This would be a good option, but a move like this needs to be in place before health messaging demonises the use of SABA alone.

    This article also correctly notes that people with COPD have a need for SABA without ICS (ICS is associated with increased risk of pneumonia in people with COPD, and should be used only during relapsing symptoms as part of a COPDX plan).

    Overall, moving away from SABA alone – and availability as a schedule 3 – may be appropriate, but we need regulatory changes in access to low dose ICS/eformoterol before we use language that may scare people with asthma into taking the wrong actions….

    Lastly, can I implore pharmacists to please find a way to have discussions about SABA use when it is sold OTC. At every instance that SABA is supplied, you need to discuss at least one thing – anything relevant – to get through to people. YOU need to develop the comfort in raising these conversations. YOU need the practice points to discuss (inhaler technique, asthma plan, views on “severity”) that open a person up from saying ‘yeah I know this already’

    Asthma is a chronic, progressive condition that kills people. We need to be active EVERY TIME we supply SABA to ensure that the most important person (the person you are speaking to at that time) gets the best treatment/advice/referral needed to improve their life.

    • Debbie Rigby

      Symbicort® Turbuhaler® 200/6; Symbicort® Rapihaler® 100/3 as an Authority Required (STREAMLINED) listing for use as first-line treatment of mild asthma is included on the July 2019 PBAC agenda – see http://www.pbs.gov.au/info/industry/listing/elements/pbac-meetings/agenda/july-2019-pbac-meeting; so changes in the use of ICS/fast-acting LABA prn vs SABA prn for adults with mild asthma may occur soon.

      I agree with Jarrod on the critical need for pharmacists to talk with patients and parents of children with asthma on appropriate use of SABAs and check device technique at every opportunity. Need to find different ways of starting the conversation, apart from “Have you had this before?”

  2. william hau kin so

    The same argument can be applied to any pain killers. The over reliance of any thing by it’s very action is dangerous.
    Three litre of water a day is essential to health. But… try drinking thirty?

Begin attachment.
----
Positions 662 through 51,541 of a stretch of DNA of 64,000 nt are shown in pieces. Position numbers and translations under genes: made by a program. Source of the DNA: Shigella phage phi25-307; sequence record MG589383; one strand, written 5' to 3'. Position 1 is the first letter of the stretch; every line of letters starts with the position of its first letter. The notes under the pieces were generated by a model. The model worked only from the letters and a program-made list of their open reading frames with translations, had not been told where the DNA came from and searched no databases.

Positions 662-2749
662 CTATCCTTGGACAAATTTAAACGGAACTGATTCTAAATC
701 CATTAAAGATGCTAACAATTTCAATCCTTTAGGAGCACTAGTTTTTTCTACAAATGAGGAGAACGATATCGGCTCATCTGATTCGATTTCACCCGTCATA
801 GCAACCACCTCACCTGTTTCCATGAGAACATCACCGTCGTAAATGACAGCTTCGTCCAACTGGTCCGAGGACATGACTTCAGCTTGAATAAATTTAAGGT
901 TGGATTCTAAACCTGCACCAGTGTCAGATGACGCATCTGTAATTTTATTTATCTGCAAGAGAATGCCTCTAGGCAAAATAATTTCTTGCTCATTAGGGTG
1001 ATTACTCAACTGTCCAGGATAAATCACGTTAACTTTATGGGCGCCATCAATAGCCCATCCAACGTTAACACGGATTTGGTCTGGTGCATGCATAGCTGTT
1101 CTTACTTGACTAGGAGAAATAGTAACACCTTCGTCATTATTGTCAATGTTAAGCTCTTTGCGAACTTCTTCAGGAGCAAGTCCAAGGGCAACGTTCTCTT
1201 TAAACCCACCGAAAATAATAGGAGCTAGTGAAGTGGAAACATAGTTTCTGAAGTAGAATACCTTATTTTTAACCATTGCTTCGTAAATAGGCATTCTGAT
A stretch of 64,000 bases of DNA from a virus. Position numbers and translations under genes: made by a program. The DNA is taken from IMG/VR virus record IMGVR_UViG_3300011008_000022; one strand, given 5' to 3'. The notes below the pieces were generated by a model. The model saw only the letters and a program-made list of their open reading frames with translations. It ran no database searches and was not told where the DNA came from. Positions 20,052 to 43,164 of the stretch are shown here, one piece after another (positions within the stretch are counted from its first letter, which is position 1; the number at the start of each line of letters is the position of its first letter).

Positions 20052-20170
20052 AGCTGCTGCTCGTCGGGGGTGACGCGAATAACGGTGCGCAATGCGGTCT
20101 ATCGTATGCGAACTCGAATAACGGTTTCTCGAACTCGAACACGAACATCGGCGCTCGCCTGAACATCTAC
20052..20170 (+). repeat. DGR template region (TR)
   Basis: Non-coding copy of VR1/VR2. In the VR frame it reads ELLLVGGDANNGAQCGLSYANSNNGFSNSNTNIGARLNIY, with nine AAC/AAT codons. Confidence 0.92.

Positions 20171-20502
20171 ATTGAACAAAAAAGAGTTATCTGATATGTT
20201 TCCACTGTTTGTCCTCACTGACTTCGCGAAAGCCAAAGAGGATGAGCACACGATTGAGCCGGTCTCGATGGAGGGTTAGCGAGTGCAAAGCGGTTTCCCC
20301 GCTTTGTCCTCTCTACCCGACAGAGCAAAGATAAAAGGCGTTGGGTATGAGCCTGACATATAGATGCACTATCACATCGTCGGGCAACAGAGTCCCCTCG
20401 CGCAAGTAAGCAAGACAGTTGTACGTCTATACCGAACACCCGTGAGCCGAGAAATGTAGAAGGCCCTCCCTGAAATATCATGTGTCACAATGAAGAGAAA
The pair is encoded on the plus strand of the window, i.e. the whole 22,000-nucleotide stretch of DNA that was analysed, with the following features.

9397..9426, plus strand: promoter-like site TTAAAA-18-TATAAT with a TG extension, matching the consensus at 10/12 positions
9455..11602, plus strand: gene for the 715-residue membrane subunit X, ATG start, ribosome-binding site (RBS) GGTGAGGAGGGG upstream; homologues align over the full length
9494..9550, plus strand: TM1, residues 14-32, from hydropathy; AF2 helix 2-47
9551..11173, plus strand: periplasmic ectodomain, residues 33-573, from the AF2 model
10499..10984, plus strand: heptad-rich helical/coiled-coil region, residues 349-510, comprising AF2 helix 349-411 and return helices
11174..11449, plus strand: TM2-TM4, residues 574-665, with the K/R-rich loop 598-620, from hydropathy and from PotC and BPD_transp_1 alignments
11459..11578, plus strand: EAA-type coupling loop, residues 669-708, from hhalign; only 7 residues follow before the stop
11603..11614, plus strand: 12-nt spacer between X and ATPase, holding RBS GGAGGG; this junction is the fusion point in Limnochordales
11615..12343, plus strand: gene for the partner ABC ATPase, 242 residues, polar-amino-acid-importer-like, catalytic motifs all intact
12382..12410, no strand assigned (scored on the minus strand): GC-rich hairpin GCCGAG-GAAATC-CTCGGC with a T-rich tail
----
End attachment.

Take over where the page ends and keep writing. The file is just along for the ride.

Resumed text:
Isn’t the first thing we ask patient is how often you use your Ventolin?

    • Debbie Rigby

      Sadly no. “Have you had this before?” is often the first thing a pharmacist or pharmacy assistant asks.

  3. Debbie Rigby

    A reminder of my article in Australian Pharmacist on overuse of relievers – https://www.australianpharmacist.com.au/too-much-asthma-reliever/

  4. Kingsley Coulthard

    Perhaps one of the key issues is how does the pharmacist inform the GP of patients who are over-using salbutamol? In my experience as a locum not all pharmacies record in the patient’s dispensing history such supply. Perhaps such supply should be S3 recordable? IF My Health record works appropriately then in theory the GP may have access to such over use?

    • PeterC

      Kingsley, Debbie, all S3s should be S3R in all States and no arguments entered into. Single ingredient ICSs should to be S3R as well, if we’re to be able to do our jobs properly. As a pharmacist you can do all the ‘right things’ mentioned here and still be on a hiding to nothing because you’re being denied the basic tools to do the job yourself and also indirectly copping the blame for prescribers who cannot/will not stop prescribing LABA combos, no matter how much you intervene, and who don’t have the right business models to pick up and deal with the at-risk patients in the first place. It is – once again – a bit like letting ourselves be challenged to a race around the block while having our legs tied together. Will things change? Of course not. Scheduling etc. is not so much about public benefit as maintaining the status quo w.r.t. (lack of) inter-professional collaboration and professional power relationships

    • Debbie Rigby

      Totally agree that S3 Ventolin/Asmol should be recorded in the pharmacy software and therefore in MHR.

  5. Unter Berg

    Isn’t SABA overuse a clear message that we are failing to educate patients and getting them on the right treatment? Other countries are doing this much better. Finland for example has tackled this effectively and reduced asthma deaths to a much lower level than we have in Australia.

    Let’s not forget that SABA use in an acute setting can save lives. I find the sensationalism in this article simply negligent. Someone needs to post a balanced view that does not put patients at risk.